Why It Works
- Slowly cooking the garlic at less than a simmer gives it plenty of time to grow sweet and soft.
- Storing the garlic confit in the refrigerator, and only for a limited time, helps avoid any food-borne illness risks.
Making garlic confit is a great way to use up any extra cloves you have kicking around, and is as easy as slowly cooking them in oil. The firm and pungent cloves give way, turning as soft as warm butter and taking on a flavor that's mellow and sweet.
- Garlic cloves, peeled and root ends trimmed
- Extra-virgin olive oil, as needed (see note)
In a saucepan, cover garlic with enough oil to fully submerge it.
Set over medium heat and bring to a bare simmer. Lower heat to maintain the barest simmer, so that you see some tiny bubbles on the garlic, but it's not actively frying in the oil.
Cook, adjusting heat as necessary to maintain this minimal level of cooking activity, until the garlic is buttery soft and tan in color, 1 to 3 hours (exactly how long it takes will depend on the garlic you're using, including it size and age, and how hot the oil is; raising the heat will move things faster but also shortchange you on the flavor development).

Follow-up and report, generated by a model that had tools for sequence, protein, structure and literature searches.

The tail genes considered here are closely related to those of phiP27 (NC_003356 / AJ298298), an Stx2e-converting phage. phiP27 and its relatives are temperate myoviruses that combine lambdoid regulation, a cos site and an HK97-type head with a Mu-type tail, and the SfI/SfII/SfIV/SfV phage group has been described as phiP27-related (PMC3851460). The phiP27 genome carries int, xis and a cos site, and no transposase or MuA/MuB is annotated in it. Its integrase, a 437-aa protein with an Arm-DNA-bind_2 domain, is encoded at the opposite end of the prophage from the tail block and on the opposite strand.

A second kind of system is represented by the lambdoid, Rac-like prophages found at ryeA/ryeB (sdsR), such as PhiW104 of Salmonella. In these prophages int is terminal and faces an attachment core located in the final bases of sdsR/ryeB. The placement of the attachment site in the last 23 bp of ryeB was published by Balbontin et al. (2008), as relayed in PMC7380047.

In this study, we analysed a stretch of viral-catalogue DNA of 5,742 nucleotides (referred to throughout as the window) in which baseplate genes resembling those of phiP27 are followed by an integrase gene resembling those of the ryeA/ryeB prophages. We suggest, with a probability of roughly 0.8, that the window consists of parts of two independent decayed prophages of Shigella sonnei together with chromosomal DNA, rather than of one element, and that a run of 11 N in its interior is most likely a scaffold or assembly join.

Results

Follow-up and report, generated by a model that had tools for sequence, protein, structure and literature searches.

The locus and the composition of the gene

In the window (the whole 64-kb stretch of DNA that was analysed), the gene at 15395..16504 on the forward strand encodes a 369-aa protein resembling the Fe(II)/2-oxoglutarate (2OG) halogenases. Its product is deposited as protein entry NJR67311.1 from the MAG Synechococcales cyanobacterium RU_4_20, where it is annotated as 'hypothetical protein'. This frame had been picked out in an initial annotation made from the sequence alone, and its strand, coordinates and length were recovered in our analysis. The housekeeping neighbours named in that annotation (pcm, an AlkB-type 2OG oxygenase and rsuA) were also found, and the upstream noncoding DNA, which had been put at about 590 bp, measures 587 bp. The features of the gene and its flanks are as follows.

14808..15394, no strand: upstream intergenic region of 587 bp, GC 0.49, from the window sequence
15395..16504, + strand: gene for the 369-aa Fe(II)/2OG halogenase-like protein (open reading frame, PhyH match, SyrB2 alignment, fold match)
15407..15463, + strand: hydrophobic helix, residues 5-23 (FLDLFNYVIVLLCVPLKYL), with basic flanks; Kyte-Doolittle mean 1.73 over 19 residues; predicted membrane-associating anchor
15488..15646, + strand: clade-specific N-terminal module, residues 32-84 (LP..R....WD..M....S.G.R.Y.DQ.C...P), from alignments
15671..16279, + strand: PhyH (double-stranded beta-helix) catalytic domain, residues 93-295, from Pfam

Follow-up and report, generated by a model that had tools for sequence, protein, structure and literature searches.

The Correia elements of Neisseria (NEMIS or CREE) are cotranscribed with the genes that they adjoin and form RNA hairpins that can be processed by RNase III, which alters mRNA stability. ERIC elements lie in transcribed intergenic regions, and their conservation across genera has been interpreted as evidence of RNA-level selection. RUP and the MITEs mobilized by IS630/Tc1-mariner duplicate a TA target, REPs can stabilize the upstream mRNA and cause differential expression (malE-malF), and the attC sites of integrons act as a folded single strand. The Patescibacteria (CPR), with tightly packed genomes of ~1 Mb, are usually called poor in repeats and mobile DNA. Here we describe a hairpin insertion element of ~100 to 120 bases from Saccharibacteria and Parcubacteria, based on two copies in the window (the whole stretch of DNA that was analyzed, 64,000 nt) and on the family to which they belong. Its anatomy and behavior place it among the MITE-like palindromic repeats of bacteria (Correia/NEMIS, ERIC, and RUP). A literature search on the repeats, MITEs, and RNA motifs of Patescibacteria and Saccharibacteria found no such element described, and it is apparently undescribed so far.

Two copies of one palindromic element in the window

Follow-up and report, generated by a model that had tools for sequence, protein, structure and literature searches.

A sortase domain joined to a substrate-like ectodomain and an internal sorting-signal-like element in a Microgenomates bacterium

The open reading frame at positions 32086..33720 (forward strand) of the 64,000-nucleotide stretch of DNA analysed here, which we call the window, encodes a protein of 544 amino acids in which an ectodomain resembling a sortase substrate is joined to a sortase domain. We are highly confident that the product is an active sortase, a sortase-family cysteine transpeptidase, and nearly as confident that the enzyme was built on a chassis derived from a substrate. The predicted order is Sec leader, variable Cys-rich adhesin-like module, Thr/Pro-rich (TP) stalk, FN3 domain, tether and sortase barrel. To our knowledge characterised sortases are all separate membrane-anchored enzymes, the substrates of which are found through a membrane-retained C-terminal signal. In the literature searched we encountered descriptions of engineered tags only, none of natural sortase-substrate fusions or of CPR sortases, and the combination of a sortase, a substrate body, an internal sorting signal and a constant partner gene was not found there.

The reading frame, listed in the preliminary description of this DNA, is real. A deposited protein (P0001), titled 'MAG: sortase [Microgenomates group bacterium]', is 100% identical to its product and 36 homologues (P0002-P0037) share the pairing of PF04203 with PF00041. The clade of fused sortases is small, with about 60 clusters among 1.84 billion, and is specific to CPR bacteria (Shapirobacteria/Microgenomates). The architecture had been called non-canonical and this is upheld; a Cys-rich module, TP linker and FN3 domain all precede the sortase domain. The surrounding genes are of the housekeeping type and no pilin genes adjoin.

Transfer garlic confit and the cooking oil to a clean heatproof container, cover with plastic, and refrigerate immediately.
Refrigerated in its oil, the garlic confit can be kept for up to 2 weeks.
We love the flavor of olive oil with the garlic, but you can use any neutral vegetable oil for this, such as grape seed or canola oil; you an also use a more affordable olive oil such as pure olive oil.